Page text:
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Thursday, August 16, 2012

Ice dying. Fun in the sun!

My mind is constantly flowing with ideas and thoughts on what I want to try in my Fiber studio. This week I was called to try a new dye technique aptly named "ice dying". I ran across a few blogs about this technique a while back and it stuck. So, last Saturday my five year old son and I went about transforming four white, silk scarves into something beautiful. 

What  you will need:
1. 1 bag of ice (cubes preferable) I also noted you can do this with snow too!
2. Various dyes. I used Jacquard and greener shades for our experiment.
3. silk scarves (you can use anything that will take dye. (It might be neat to use with technique with braids of top?)
4. Catch tubs or buckets to catch the dripping dye.
5. Trays with openings with enough to allow the dye to flow through.



Lay out your catch tub in an undisturbed area. No crazy dogs or wild alpacas allowed! It's been reported to take 24 hours but I was able to get great results in 1 hour. I used our old child gate to cover the tub anything that that prevents the scarves and ice from falling through will work fine. Next, I pre-soaked the scarves for 20 minutes in water a dash of salt and vinegar. Drain the liquid and lay the scarves out in a random pile. Carefully cover them with ice. I did one at a time because the heat of the noon-day sun quickly melted the ice, so you have to act fast! After laying out the ice the fun begins.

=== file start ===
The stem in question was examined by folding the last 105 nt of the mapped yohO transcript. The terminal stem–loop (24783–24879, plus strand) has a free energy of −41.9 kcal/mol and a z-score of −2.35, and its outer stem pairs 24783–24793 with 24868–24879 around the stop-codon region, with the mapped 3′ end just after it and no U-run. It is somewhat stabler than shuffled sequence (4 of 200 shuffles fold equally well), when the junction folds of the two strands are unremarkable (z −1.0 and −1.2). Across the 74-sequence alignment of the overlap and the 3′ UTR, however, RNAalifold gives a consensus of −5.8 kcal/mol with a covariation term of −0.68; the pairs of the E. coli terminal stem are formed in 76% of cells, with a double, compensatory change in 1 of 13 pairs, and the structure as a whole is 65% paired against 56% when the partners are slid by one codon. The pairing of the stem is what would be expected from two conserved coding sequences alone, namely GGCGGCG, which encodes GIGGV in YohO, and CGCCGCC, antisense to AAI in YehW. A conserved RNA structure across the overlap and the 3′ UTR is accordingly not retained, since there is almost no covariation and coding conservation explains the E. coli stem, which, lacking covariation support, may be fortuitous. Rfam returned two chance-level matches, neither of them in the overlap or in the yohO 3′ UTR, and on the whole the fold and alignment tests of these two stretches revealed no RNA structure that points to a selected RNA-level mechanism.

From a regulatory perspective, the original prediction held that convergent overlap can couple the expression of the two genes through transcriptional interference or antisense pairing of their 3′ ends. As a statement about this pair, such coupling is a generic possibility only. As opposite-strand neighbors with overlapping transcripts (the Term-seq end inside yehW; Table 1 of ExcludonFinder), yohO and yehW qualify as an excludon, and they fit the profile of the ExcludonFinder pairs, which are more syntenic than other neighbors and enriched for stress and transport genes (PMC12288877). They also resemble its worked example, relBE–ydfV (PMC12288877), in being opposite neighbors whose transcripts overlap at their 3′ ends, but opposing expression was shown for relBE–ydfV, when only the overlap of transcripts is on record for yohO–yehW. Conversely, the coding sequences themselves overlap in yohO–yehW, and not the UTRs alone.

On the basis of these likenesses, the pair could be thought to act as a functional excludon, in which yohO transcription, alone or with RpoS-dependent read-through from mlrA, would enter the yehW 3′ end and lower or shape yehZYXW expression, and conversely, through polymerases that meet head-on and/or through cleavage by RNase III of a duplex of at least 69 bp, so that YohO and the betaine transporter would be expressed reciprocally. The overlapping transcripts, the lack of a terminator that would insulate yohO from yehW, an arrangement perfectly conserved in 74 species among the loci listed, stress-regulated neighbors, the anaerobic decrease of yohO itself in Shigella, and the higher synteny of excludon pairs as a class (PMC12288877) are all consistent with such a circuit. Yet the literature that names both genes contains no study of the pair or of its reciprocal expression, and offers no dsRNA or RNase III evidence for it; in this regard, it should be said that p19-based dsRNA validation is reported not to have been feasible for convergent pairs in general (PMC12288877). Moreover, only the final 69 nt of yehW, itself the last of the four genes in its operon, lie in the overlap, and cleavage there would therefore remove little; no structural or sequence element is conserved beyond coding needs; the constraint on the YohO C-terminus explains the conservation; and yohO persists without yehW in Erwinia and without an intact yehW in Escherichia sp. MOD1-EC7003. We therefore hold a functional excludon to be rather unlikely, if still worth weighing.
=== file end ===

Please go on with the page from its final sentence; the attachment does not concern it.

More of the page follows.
Get your dyes and get creative. My son grouped a few colorways together for me to use. So I followed his lead an began adding dye from an eyedropper. I also tried sprinkling the dry dye as well. I tried to add different levels of dye density, but ultimately the melting ice dictates the flow of the dye, and that's probably why the results are so dramatic. 



After we did 4 scarves we were done and about 20 minutes later the wind came up and took one of the scarves. I grabbed it and it was totally, dry so I rinsed it in the sink and added a little soap to get out the vinegar scent then hung it out to dry. 


Later, I made a couple of nuno scarves. They really have a wonderful flavor from the ice dying. I had a lot of fun and so did my 5 year old!

3 comments:

  1. To do this with fiber, how would you then 'set' the dye? Would the initial soak in very warm vinegar water do the trick?

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  2. The easiest way to set the dye if you do this with fiber would be to wrap it in cellophane and place it in the microwave for 3-5 minutes. This is how I do my fiber top as well. It's the low moisture steaming method.

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  3. Greetings,

    THis looks like great fun - will try it outdoors next summer!

    Please note: this type of dye should ALWAYS be used in liquid form. It should never be sprinkled dry. The reason dyes of this type are so effective and inexpensive is, in part, because they are ground extremely fine. The issue is that they can easily become suspended in the air and then inhaled, causing lung damage. Please be safe!!!

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